Career Transition

Lauren Waltz

Concordia Campus

Lauren Waltz ’15 was raising a child and working full-time at a restaurant, but “didn’t feel like I was helping humanity,” she says.

She also watched all four of her grandparents go through dementia.

“I knew I wanted to go into aging services from my research of where the industry was going and from my own past experience of going through this with my grandparents,” Waltz says.

One of her grandmothers was just 62 when Alzheimer’s hit, and because of the cost of care Waltz’s grandfather had to sign her over as a ward of the state.

“I wanted to be part of something that was helping that,” Lauren says. “With baby boomers aging I knew there would be more people faced with this issue than ever. I saw a lot of opportunity to feel like I was contributing.”

She scouted degree-completion programs and was impressed by CUI’s networking opportunities.

“That was the defining factor,” Waltz says. “I like that Concordia had real-world professors who were in the industry teaching us. I wanted to feel like I was learning from people in the trenches.”

Three weeks into the program she found out she was pregnant with twins.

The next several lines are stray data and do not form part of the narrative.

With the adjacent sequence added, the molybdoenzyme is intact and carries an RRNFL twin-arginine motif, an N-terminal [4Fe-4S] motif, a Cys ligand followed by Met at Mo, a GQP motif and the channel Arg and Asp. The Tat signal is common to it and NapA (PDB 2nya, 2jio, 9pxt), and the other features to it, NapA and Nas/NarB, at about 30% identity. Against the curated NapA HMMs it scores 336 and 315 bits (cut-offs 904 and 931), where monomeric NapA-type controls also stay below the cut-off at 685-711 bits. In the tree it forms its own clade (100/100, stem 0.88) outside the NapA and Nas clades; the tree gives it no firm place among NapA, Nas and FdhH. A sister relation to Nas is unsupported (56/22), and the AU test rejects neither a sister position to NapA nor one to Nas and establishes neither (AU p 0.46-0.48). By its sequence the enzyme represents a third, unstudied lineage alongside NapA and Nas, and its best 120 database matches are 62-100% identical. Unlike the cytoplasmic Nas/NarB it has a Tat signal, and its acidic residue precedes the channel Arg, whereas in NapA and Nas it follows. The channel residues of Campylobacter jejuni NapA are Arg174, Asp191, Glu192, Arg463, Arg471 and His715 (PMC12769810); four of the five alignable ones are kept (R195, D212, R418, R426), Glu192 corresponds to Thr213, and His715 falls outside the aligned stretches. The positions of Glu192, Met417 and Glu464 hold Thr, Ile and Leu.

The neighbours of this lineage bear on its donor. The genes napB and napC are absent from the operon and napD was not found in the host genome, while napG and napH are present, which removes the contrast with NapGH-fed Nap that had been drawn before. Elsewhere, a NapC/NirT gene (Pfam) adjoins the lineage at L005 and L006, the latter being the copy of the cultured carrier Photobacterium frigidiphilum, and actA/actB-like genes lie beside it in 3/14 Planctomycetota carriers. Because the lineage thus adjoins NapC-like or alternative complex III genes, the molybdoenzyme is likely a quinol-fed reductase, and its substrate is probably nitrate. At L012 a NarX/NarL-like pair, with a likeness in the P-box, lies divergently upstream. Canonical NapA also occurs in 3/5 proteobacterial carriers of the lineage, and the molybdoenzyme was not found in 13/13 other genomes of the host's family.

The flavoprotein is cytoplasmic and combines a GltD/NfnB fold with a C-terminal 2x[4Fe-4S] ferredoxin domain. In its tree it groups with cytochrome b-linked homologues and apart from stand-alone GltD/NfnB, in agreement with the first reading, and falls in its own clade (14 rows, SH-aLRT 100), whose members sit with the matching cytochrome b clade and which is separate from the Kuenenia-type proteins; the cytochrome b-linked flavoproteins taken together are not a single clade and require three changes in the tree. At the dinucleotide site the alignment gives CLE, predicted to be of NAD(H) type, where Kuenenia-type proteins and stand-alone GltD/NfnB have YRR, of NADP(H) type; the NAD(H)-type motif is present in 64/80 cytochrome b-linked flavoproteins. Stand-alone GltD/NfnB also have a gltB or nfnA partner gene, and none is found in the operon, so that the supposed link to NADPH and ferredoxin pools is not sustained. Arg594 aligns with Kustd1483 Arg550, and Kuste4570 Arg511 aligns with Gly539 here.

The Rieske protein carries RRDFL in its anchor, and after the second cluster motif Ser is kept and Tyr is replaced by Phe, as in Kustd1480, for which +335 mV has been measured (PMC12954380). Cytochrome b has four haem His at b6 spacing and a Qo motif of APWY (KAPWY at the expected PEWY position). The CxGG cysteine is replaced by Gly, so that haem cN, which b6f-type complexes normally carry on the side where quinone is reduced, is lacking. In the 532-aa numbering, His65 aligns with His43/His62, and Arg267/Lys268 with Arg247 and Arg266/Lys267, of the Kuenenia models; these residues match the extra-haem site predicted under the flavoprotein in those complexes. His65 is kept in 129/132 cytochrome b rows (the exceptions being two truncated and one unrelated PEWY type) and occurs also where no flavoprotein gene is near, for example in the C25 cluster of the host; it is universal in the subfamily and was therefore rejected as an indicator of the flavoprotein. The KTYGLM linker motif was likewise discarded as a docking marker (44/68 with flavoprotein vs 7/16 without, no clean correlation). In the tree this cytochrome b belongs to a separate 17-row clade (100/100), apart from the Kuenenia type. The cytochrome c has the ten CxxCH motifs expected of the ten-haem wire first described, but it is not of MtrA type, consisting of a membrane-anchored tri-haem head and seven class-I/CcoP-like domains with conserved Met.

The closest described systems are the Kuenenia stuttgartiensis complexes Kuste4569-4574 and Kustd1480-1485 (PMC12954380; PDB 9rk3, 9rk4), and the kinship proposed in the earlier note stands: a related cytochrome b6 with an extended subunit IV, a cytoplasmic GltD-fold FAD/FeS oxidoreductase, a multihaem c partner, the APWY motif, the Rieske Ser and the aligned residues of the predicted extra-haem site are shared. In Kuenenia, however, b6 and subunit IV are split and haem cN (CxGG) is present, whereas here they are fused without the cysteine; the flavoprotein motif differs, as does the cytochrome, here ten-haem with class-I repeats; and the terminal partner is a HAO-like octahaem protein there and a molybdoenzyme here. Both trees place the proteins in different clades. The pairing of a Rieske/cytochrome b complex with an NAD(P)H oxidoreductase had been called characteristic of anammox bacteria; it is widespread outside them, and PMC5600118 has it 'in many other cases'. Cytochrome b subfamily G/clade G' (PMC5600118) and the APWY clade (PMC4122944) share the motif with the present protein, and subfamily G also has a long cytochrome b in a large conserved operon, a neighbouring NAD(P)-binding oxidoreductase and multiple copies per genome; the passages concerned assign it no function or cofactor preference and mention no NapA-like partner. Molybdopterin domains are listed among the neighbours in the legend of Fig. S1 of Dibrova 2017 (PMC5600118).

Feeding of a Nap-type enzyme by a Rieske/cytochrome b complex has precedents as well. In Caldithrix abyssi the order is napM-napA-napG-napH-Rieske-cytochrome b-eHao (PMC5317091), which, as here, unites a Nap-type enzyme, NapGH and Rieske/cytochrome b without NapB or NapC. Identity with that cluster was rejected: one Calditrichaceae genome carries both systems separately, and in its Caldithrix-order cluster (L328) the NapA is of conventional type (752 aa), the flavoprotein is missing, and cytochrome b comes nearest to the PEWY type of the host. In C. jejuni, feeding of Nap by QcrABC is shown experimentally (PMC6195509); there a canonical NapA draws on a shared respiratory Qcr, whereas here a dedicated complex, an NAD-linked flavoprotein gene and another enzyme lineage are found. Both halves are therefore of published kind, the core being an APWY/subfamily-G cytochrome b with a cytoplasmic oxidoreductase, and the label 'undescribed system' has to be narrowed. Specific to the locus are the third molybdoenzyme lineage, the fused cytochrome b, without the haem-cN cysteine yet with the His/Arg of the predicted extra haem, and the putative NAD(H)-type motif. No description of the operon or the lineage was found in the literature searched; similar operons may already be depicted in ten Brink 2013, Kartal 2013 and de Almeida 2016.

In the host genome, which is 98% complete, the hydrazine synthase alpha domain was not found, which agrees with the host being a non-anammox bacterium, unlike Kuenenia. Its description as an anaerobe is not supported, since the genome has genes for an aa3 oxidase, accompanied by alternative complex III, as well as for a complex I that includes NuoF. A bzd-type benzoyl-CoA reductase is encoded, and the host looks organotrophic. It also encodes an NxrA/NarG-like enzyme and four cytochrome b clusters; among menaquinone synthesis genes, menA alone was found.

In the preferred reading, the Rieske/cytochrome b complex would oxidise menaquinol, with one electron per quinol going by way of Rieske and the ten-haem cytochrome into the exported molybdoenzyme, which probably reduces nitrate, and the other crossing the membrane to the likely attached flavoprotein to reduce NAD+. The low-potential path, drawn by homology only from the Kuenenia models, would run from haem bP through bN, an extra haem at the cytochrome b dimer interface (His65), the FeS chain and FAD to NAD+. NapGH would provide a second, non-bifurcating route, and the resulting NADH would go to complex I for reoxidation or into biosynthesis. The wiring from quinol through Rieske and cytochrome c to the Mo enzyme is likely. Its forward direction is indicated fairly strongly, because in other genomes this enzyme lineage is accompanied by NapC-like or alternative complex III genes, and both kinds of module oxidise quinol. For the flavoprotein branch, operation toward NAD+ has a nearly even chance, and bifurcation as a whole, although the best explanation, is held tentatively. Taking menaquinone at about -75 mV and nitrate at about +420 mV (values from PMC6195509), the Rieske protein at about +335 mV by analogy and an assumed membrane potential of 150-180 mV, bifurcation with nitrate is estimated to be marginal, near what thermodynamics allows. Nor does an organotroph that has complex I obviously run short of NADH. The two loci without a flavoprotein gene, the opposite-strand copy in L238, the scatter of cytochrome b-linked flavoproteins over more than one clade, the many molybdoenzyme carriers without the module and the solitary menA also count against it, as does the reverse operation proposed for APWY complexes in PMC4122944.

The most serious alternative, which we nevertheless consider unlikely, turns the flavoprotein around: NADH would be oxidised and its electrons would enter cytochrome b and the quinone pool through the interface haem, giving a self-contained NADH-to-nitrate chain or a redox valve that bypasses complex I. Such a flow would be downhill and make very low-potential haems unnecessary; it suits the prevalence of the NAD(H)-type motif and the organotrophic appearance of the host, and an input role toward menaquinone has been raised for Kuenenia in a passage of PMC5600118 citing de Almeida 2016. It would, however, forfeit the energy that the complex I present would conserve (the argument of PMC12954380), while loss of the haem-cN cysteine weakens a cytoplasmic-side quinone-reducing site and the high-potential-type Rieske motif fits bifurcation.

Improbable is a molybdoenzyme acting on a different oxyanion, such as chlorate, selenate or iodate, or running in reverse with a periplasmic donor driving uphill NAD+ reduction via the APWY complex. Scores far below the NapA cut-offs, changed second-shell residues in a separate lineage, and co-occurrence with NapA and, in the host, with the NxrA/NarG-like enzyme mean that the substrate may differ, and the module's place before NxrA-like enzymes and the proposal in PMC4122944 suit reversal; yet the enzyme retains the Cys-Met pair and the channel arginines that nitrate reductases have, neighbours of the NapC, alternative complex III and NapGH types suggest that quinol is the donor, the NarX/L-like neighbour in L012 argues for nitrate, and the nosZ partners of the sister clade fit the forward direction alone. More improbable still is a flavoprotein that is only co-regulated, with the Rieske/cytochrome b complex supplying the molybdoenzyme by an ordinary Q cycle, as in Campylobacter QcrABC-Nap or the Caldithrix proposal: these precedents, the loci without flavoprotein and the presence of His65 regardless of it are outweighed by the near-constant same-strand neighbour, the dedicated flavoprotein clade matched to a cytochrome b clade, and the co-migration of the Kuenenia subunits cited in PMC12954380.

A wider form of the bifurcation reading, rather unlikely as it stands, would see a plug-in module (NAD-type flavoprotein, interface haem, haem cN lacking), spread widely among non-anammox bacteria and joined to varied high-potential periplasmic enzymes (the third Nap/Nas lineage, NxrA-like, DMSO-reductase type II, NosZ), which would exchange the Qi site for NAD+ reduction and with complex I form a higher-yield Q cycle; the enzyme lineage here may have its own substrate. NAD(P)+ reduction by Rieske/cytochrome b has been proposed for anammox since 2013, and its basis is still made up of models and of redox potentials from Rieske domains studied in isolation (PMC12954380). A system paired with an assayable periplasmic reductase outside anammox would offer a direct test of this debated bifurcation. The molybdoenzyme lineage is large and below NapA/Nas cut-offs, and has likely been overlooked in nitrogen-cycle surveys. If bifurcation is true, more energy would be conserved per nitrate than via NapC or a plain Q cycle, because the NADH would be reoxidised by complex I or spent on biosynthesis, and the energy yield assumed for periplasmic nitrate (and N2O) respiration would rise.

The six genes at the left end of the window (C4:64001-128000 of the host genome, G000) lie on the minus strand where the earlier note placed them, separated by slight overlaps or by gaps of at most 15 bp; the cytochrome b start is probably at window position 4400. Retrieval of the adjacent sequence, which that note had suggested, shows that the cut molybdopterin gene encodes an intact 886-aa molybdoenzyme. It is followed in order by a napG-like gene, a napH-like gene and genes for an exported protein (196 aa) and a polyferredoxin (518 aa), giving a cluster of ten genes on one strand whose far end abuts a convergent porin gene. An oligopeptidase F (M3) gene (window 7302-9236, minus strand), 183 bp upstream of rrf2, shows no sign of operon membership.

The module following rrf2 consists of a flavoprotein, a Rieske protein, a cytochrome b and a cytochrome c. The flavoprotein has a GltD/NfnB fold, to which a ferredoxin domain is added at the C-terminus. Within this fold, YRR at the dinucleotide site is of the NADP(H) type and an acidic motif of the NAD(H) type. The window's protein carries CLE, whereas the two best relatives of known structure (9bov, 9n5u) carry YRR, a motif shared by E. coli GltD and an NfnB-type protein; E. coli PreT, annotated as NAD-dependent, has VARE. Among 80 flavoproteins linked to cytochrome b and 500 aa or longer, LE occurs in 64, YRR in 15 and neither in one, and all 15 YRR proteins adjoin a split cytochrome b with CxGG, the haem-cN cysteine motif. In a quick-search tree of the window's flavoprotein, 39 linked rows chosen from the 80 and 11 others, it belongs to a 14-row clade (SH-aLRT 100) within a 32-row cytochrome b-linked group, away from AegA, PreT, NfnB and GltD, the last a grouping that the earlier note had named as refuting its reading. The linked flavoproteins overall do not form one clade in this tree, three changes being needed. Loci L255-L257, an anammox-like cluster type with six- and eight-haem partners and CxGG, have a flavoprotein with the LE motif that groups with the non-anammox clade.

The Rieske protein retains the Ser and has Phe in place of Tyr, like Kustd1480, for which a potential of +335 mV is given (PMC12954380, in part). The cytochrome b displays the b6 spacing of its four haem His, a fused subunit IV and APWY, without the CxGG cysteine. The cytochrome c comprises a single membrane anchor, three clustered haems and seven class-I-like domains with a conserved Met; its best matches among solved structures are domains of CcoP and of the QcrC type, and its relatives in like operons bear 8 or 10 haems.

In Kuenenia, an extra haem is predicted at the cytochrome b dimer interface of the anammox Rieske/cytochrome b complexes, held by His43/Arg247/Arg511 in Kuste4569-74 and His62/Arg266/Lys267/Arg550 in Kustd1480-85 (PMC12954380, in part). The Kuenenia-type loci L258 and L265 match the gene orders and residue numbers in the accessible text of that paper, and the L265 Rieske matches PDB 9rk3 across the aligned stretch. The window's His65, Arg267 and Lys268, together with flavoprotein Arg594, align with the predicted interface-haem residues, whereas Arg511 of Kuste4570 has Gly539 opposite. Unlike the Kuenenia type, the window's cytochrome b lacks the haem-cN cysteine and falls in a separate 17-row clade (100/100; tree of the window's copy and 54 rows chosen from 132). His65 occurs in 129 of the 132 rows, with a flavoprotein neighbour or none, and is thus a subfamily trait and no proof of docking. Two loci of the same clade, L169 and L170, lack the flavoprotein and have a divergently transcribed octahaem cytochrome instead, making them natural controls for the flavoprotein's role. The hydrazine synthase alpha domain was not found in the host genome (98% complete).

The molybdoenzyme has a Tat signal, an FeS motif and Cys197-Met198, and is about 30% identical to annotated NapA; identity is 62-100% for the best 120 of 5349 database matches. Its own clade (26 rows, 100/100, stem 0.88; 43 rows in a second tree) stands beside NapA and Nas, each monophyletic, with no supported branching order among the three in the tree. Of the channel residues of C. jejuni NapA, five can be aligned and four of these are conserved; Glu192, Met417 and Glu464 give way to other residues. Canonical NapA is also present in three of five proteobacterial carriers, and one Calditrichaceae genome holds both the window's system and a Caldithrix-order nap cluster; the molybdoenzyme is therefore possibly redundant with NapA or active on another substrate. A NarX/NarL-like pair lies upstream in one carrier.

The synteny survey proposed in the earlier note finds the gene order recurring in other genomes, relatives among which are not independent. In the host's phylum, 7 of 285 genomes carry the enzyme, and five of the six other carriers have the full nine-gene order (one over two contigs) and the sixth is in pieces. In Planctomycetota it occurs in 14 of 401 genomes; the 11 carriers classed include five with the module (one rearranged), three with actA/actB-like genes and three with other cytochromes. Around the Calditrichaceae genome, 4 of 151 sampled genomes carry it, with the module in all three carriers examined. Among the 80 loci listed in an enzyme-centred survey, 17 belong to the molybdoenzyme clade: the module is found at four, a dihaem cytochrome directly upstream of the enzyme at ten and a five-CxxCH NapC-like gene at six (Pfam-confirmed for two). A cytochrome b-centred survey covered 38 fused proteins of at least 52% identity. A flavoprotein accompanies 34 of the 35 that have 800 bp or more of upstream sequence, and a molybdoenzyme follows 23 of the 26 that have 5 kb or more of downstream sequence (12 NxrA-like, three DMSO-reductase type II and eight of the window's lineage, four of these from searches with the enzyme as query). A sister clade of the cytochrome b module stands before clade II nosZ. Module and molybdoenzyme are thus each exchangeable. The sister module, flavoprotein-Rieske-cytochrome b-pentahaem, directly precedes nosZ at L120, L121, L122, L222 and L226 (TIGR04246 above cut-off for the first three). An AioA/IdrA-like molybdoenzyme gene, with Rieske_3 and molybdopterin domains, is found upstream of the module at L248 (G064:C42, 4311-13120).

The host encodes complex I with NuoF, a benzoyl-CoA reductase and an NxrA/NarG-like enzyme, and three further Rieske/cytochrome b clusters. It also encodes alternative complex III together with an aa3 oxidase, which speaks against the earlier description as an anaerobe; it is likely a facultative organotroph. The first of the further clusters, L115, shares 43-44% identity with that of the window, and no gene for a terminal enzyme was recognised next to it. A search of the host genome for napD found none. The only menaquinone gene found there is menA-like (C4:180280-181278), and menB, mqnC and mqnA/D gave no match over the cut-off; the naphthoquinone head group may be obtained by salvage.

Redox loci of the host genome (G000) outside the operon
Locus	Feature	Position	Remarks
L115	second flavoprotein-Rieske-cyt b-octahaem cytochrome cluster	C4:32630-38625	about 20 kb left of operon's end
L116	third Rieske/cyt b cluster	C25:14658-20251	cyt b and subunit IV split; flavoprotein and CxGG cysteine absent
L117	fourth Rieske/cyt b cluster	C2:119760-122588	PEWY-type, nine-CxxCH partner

“I thought, ‘How am I going to do this?’ But the support I got pushed me through,” she says.

Her all-female cohort “became like a sisterhood. That was so powerful. We were all going through life changes and it was like Concordia kept us together.”

Waltz earned a BS in healthcare management, and Concordia secured her an internship at Silverado Memory Care assisted living in 2014.

“Concordia set me up to look good,” Waltz says. “They gave me the knowledge I needed to really wow them. I was so blessed. I had a vision of what I wanted and Concordia really got me there.”

Waltz was hired by Silverado as business office manager in Tustin with 42 beds. Within six months she was promoted laterally to Silverado’s Escondido community with 92 beds, doubling her responsibility. She serves as liaison between the home office and the community, which offers 24-hour nursing services because every resident has dementia. Waltz oversees six direct reports. Ultimately, she wants to be an administrator.

“Life is so much better,” Waltz says. “I can leave every day and pick up my son from school. My work-life balance is phenomenal. I get to cook dinner for my kids, and I have a pretty good income, too— ninety percent higher than when I was in hospitality. I’m happy in my job and with my education, and I built lasting relationships with my cohort and my professors. I don’t think you can ask for much more than that.”

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